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What Cassini discovered just before it crashed into Saturn

Saturn’s innermost ring rains dust.

Saturn’s rings
NASA crashed Cassini, a 20-year-old spacecraft, into Saturn’s atmosphere in September 2017.
Brian Resnick is Vox’s science and health editor, and is the co-creator of Unexplainable, Vox's podcast about unanswered questions in science. Previously, Brian was a reporter at Vox and at National Journal.

In September 2017, NASA plunged its 20-year-old, $4 billion-plus spacecraft, into Saturn’s atmosphere, where it incinerated, never to fly again. It was awesome.

The space agency had no other choice. Cassini was nearly out of fuel and had already been stretched years beyond its intended mission duration. Keeping it going risked potentially contaminating one of Saturn’s moons — like Enceladus, an ice world that has some ingredients for life — with microbes from Earth.

The descent also made for a scientific opportunity. For the first time ever, Cassini could study the space between Saturn’s rings and the planet, and even get a small chance to sample the Saturn atmosphere itself.

On Thursday, the journal Science published a trove of research from Cassini’s final orbits and eventual plunge into the planet. There’s new information on Saturn’s magnetic field, and radiation belts that surround portions of the planet. But perhaps the biggest surprise is the finding that Saturn’s D ring — the faint ring closest to the planet — is raining down organic molecules (like methane, made of carbon and hydrogen) on the planet. That “was the biggest surprise,” Donald Mitchell, a Cassini spacecraft instrument scientist who co-wrote one of the papers.

Before Cassini had flown into this region between Saturn and its rings, scientists had assumed, from optical observations from far away, this region had been free of dust.

But these new findings make clear that “10 tons of materials per second are going down into Saturn’s atmosphere” from its innermost ring, Mitchell says. That changes the way scientists think about the chemistry of the top of Saturn’s atmosphere, since they now know that some of the organic molecules in the atmosphere came from the rings. But it’s important for a few other reasons.

It’s a small clue to how the rings evolve, and interact with the gas giant planet

Scientists are interested how Saturn’s rings form and mature because they’re believed to be similar to the rings of debris that formed the entire solar system.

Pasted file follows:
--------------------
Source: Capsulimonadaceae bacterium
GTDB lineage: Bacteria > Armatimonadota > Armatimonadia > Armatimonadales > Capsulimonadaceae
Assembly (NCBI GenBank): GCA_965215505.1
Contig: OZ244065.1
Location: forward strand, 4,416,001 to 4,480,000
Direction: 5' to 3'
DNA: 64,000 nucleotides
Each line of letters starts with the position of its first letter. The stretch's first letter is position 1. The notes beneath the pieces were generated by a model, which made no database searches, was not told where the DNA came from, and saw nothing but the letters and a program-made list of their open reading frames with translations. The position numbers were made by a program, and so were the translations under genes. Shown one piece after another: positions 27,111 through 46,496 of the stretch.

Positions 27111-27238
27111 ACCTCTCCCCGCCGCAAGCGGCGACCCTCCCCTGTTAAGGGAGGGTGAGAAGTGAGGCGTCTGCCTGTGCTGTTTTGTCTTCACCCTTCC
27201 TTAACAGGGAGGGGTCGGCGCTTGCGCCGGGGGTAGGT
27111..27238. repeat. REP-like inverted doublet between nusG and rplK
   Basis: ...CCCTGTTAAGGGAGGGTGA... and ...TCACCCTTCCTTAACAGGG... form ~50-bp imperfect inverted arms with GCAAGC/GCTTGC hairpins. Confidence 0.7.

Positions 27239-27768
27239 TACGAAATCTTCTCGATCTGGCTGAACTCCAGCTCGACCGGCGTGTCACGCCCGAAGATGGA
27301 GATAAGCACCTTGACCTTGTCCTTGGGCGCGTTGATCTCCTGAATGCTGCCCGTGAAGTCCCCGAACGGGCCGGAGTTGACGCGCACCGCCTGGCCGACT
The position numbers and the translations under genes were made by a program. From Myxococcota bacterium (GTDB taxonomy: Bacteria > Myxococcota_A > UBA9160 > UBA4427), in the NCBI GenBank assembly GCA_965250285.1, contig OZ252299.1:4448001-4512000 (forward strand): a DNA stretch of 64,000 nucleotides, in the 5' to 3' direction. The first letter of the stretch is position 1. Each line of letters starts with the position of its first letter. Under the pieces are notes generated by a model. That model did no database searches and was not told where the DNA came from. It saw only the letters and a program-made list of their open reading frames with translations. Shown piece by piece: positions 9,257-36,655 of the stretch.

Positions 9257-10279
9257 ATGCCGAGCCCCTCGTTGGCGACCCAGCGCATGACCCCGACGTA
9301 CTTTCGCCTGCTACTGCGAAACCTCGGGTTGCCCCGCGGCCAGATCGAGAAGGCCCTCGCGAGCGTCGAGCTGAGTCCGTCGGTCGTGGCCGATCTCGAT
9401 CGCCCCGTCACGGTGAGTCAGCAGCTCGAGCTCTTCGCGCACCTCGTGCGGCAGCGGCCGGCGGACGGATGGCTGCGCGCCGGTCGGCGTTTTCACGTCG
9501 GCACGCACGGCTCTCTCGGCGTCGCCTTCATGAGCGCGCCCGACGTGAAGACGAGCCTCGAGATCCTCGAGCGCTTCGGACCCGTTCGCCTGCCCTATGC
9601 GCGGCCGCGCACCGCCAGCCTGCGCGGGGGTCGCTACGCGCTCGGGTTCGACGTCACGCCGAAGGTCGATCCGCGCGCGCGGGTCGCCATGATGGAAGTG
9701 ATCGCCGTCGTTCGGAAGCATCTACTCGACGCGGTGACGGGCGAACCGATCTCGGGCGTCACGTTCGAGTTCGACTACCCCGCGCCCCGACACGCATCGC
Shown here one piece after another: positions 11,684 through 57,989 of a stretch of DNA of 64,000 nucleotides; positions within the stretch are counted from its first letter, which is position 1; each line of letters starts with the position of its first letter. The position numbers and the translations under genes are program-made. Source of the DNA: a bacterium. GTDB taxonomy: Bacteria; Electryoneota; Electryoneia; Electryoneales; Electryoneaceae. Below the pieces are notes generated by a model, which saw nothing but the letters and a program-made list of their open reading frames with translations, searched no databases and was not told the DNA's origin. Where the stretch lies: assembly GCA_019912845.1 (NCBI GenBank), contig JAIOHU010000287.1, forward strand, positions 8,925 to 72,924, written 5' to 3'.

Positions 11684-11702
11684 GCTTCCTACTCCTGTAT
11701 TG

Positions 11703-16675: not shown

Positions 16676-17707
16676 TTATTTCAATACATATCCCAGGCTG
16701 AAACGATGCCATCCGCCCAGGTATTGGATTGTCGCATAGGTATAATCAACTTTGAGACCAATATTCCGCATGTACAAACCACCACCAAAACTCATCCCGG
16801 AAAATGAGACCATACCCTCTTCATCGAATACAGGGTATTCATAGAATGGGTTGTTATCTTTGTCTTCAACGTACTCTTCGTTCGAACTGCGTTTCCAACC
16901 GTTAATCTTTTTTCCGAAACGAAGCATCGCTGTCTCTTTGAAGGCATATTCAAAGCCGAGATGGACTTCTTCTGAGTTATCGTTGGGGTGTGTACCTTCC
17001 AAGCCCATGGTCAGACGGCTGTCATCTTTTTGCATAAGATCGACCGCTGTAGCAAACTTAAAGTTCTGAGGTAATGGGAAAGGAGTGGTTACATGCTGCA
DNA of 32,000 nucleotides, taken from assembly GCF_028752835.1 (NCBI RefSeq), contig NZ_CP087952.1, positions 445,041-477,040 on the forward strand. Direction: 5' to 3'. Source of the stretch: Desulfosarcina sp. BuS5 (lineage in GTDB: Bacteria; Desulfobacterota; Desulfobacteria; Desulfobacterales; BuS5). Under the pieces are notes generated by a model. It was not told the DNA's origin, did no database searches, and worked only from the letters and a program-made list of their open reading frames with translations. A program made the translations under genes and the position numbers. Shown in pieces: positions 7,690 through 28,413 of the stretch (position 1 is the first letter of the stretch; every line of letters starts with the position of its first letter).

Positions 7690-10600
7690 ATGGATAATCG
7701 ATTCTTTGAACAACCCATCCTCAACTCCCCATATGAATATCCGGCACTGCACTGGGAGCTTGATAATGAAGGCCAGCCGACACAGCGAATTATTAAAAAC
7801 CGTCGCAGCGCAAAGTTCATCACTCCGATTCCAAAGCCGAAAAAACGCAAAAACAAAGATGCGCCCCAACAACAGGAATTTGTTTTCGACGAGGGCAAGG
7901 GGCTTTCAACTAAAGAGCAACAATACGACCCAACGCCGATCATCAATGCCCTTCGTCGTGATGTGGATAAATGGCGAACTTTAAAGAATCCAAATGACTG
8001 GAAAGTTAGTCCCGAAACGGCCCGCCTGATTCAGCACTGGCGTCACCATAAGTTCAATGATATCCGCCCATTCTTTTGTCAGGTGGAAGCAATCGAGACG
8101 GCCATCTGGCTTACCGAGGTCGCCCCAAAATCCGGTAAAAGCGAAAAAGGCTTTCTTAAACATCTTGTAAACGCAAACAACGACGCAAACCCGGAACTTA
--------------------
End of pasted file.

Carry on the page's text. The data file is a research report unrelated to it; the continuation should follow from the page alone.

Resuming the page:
Like many discoveries, this one raises more questions than it answers. For instance, why is the dust that rains down from the rings made of organic materials? It’s strange because Saturn’s rings are almost entirely made out of water ice, and you’d expect to see more water in the mix of dust. Also, the researchers are not sure if Saturn’s D ring will eventually disappear, or if there’s some process that replenishes it with new material.

This discovery isn’t huge in the sense that it completely rewrites our understanding of Saturn. But gives a small clue to the beautiful, profoundly complex puzzle of how gas giant planets — and their rings — are formed, mature, and eventually, perhaps, disappear.

Great mysteries about Saturn still exist, and scientists will continue to pour over Cassini data in hopes of clearing them up. We still don’t know exactly how fast Saturn’s core rotates, which would determine the length of a Saturn day. Or what, exactly, exists at its core. These are huge, basic questions about the planetary system that will remain unanswered for now.

But by studying the physical properties and mechanics of planets in our solar system, we get a better sense of what’s possible in the untold number of planets that exist in our galaxy and universe.

“Every time we go to a new place [in our solar system], we find new stuff,” Mitchell says. “The more variety we’re able to measure in our own solar system, it gives us a better handle on mechanisms that may be important to other solar systems.”

And if you just clicked on this story to see beautiful pictures taken by Cassini of Saturn’s rings, well, here you go.

Saturn’s darkened core NASA/JPL
A close-up of Saturn NASA/JPL
A yellow-tinted photo of Saturn NASA/JPL